Cohen to Meet with NATO Allies
By Jim Garamone
American Forces Press Service
WASHINGTON, Dec. 4, 2000 Defense Secretary William S. Cohen will attend the NATO Defense Ministerial Dec. 5 and 6 in Brussels, Belgium.
Cohen will discuss NATO force structure and the European Security and Defense Identity planning progress. He will also meet with the Russian and Ukrainian defense ministers.
The ministerial will "focus heavily on the kinds of forces that NATO ought to have -- more deployable, more lethal, more survivable -- and will be a change away from the in- place territorial kinds of forces that NATO had in the Cold War,” said Franklin Kramer, assistant secretary of defense for international security affairs.
Cohen and his fellow ministers may approve a defense planning process that incorporates the countries of both NATO and the European Union. “The secretary put this in terms of having a planning process at 23, because that's the total number of countries in both of those institutions,” Kramer said.
Cohen will also discuss NATO’s Defense Capabilities Initiative. Kramer said the outlook is good for the DCI, signed at the alliance's Washington Summit in April 1999. The allies are investing in sealift, airlift and precision- guided munitions, he said. The allies are also changing their force structures to match the alliance’s needs for a more mobile and flexible punch.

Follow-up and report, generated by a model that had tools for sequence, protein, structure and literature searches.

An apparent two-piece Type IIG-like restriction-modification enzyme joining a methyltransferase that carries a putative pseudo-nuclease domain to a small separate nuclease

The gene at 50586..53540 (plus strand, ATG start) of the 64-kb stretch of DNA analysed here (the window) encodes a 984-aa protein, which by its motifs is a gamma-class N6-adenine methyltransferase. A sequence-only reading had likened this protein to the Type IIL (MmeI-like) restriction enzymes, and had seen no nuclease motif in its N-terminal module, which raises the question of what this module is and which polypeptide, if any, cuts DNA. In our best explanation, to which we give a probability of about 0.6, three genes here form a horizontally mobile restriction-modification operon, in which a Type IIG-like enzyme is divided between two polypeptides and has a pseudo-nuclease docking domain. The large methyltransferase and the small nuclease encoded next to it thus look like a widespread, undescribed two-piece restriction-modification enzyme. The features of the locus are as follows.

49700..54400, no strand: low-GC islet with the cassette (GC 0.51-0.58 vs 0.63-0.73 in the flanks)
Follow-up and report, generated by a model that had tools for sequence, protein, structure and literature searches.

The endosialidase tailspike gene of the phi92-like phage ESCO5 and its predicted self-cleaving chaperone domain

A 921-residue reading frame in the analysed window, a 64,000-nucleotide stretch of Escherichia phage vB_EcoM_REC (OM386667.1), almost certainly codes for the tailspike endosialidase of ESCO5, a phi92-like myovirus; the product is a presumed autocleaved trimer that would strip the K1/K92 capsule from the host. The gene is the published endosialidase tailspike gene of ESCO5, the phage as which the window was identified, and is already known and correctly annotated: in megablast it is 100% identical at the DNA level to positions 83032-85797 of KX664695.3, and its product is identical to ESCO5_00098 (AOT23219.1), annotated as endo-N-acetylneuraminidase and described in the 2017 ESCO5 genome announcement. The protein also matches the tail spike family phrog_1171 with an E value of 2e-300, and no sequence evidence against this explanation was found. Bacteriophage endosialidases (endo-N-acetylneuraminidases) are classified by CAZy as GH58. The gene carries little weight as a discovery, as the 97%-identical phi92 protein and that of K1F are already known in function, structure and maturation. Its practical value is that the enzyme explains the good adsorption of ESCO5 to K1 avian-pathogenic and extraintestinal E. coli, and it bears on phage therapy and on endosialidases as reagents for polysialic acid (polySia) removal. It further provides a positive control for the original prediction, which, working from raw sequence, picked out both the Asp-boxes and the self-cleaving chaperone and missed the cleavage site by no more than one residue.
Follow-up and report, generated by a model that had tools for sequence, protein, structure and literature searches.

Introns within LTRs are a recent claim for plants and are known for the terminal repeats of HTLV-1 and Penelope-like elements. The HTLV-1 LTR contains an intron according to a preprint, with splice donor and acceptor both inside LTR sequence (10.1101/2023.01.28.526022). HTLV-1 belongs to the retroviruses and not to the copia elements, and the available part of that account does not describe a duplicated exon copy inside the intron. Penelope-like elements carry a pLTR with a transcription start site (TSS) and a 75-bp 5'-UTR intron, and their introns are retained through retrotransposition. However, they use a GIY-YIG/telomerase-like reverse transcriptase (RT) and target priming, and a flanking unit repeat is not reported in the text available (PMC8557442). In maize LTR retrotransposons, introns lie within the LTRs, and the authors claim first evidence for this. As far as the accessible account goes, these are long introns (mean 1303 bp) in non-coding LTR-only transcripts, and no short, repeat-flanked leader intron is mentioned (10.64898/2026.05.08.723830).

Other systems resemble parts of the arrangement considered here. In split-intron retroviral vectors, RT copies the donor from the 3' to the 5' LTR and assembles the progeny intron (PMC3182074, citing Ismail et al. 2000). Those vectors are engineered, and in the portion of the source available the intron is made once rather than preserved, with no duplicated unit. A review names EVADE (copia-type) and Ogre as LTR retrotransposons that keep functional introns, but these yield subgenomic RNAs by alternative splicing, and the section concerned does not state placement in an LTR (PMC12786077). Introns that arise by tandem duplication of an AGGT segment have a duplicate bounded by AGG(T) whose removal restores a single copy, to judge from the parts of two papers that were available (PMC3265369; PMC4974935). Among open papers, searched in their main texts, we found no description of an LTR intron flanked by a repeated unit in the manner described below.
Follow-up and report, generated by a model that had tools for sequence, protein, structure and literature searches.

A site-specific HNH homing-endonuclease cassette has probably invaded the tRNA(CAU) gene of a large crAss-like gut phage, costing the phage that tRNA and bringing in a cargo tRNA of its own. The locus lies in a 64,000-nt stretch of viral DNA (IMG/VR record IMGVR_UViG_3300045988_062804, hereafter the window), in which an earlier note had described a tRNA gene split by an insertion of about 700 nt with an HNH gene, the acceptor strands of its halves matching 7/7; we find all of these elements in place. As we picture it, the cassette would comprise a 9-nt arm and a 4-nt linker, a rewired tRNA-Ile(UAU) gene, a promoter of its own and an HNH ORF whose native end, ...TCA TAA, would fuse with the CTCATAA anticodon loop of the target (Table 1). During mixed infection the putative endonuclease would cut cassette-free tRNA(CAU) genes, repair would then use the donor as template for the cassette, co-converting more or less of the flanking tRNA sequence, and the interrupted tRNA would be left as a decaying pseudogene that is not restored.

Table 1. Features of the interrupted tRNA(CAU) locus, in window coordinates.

Cohen is expected to bring up U.S. concerns about Russia’s possible sale of missiles and other military equipment to Iran when he meets with Russian Defense Minister Igor Sergeyev.
This is Cohen’s last NATO meeting as U.S. defense secretary, but, Kramer said, anything agreed to in this meeting will probably be followed by any new administration.
“I don't know which new administration we'll have, … but if you looked in this particular set of issues, there is a tremendous overlap between where Vice President (Al Gore) was and where Gov. (George Bush) was during the campaign,” Kramer said. “I am not going to speak for either of them precisely, but my anticipation is that there's going to be a lot of continuity between what's been set out in the four years that Secretary Cohen has been the secretary, and whoever will be the next secretary of defense.
“And the reason is because the interests are the same,” he continued. “Everyone wants NATO to be the major force in Europe, from a security point of view.”
He said while all administrations put their own stamp on issues, “one of the hallmarks of what went on in the Cold War years was a tremendous continuity between administrations. I anticipate that will be true once again.”